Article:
As it turns out, the initial shyness does not last long once we're in the classroom. There are 32 kids total, and it's chaos. Kids are yelling, running around, hitting each other. We finally manage to calm them down long enough to do roll call. I stumble my way through a list of Indonesian names, and we begin the lesson. We go over vocabulary lists and practice spelling, recording everything in little activity books. I'm more of a teacher's assistant, since I'm new, and I go around the room correcting students and checking their work. Some of the kids are very intelligent and disciplined, and others will literally not stop jumping out of their chairs and wandering around the classroom. I've volunteered in a couple of classrooms before, but none like this.
It's also incredibly hot. Worse than Singapore. I feel sticky, there's no circulation in this room, and there are flies everywhere.
Despite their inability to sit still, the kids really are interested in learning—they are in school on a Sunday, after all. But it occurs to me that just talking at them and making them repeat things and copy them down, the way these volunteers always teach, isn't necessarily the right way to communicate with them. I notice that a lot of the better students are frustrated when they can't be heard over the disruptive kids, and some simply give up altogether when they feel they're falling too far behind.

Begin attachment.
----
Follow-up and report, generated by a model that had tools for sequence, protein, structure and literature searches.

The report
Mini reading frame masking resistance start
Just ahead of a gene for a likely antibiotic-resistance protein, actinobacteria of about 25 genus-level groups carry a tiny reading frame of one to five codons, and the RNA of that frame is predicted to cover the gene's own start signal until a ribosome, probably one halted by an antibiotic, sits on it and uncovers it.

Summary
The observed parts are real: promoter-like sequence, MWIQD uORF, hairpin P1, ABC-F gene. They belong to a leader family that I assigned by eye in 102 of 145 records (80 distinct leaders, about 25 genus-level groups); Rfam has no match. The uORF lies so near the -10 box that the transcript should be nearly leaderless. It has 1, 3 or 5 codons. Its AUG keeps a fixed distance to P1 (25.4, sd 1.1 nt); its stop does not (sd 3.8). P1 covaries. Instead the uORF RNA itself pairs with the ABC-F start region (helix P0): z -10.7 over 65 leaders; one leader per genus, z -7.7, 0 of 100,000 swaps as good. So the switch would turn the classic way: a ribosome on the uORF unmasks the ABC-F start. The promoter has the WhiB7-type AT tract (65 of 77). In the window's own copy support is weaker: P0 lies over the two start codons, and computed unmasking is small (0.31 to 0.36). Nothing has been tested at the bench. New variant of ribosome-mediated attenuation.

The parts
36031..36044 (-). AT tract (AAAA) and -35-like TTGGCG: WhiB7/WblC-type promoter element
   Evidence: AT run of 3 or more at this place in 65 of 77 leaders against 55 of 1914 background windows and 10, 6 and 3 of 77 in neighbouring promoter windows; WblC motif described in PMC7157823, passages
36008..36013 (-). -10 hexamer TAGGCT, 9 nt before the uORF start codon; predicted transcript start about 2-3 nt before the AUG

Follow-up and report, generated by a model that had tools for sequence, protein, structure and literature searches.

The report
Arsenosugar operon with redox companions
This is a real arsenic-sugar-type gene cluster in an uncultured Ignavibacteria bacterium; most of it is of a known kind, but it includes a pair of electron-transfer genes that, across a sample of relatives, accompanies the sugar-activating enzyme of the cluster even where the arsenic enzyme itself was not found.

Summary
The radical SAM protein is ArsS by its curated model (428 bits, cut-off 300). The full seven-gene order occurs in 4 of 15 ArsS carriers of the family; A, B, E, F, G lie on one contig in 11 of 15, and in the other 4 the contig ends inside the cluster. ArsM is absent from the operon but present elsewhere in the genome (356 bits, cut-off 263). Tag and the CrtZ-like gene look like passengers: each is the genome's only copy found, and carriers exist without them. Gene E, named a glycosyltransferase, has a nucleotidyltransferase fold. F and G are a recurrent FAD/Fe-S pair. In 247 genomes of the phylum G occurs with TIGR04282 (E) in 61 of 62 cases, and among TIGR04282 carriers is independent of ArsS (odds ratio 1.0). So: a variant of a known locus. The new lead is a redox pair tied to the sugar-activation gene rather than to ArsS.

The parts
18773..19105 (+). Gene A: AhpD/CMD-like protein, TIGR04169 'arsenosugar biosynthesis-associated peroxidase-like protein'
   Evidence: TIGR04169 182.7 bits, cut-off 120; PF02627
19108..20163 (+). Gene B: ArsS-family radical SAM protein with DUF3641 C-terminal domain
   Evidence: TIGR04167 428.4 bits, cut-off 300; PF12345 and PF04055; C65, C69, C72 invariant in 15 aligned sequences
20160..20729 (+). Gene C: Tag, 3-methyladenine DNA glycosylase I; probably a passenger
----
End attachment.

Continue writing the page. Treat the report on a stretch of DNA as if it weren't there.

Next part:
It makes me realize how complex education systems are, even the simplest ones, and how much arrogance we have to think that they are easily fixable. Although we are helping, I can't help but remember this article I read, called "The Reductive Seduction of Other Peoples' Problems," which I feel like both effectively criticizes the "White Savior Complex" and the tendency to romanticize seemingly "urgent and readily solvable" problems, and also draws attention to the fact that there are many domestic issues that are often dismissed. I feel like the best thing for me to do here is listen and observe, to figure out what these kids need and what they respond to, and try to help them as best I can without trying to "fix" the entire system.
School is out! As they exit the classroom, the students take my hand one by one and press it to their foreheads while saying "good afternoon, Teacher," I assume as a sign of respect. It's very cute, and the most well-behaved I've seen them all day.
We arrive back at the terminal, and go to an Indonesian restaurant for lunch/dinner. It's this place where you pick and choose raw food from a buffet-like spread, and then they charge you accordingly and cook it for you. I'm honestly not sure what any of it is, because the signs are all in Indonesian, but I pick the safest-looking things and hope for the best.
"Is that liver?" one of the guys asks me as I'm eating, but I have no idea, and honestly at this point it's better not to know, because it's pretty good and I don't want to ruin it.
We go through immigration and customs. The Indonesian officials are fascinated by my American passport and attempt to speak to me in Chinese. And then, just like that, it's back to Singapore! We board the ferry and prepare for the trip home.
It's been a full 12 hours since I woke up this morning and it feels pretty unreal that I went to another country and back in that time. As exhausting as it was, I actually enjoyed my short time here, and it's something I would do again. I do think a more structured lesson plan or a better method for engaging the kids would be helpful, but it was definitely humbling to see firsthand just how privileged I was to get a good education.
I'm also excited to go more places. I've got my flights booked, my passport ready, and my compass fixed on the next distant star. You can subscribe in the box below, and stay tuned for Malaysia, Bangkok, Taiwan, and possible Cambodia blog posts!
writer/creator. problem-solver. curious cat.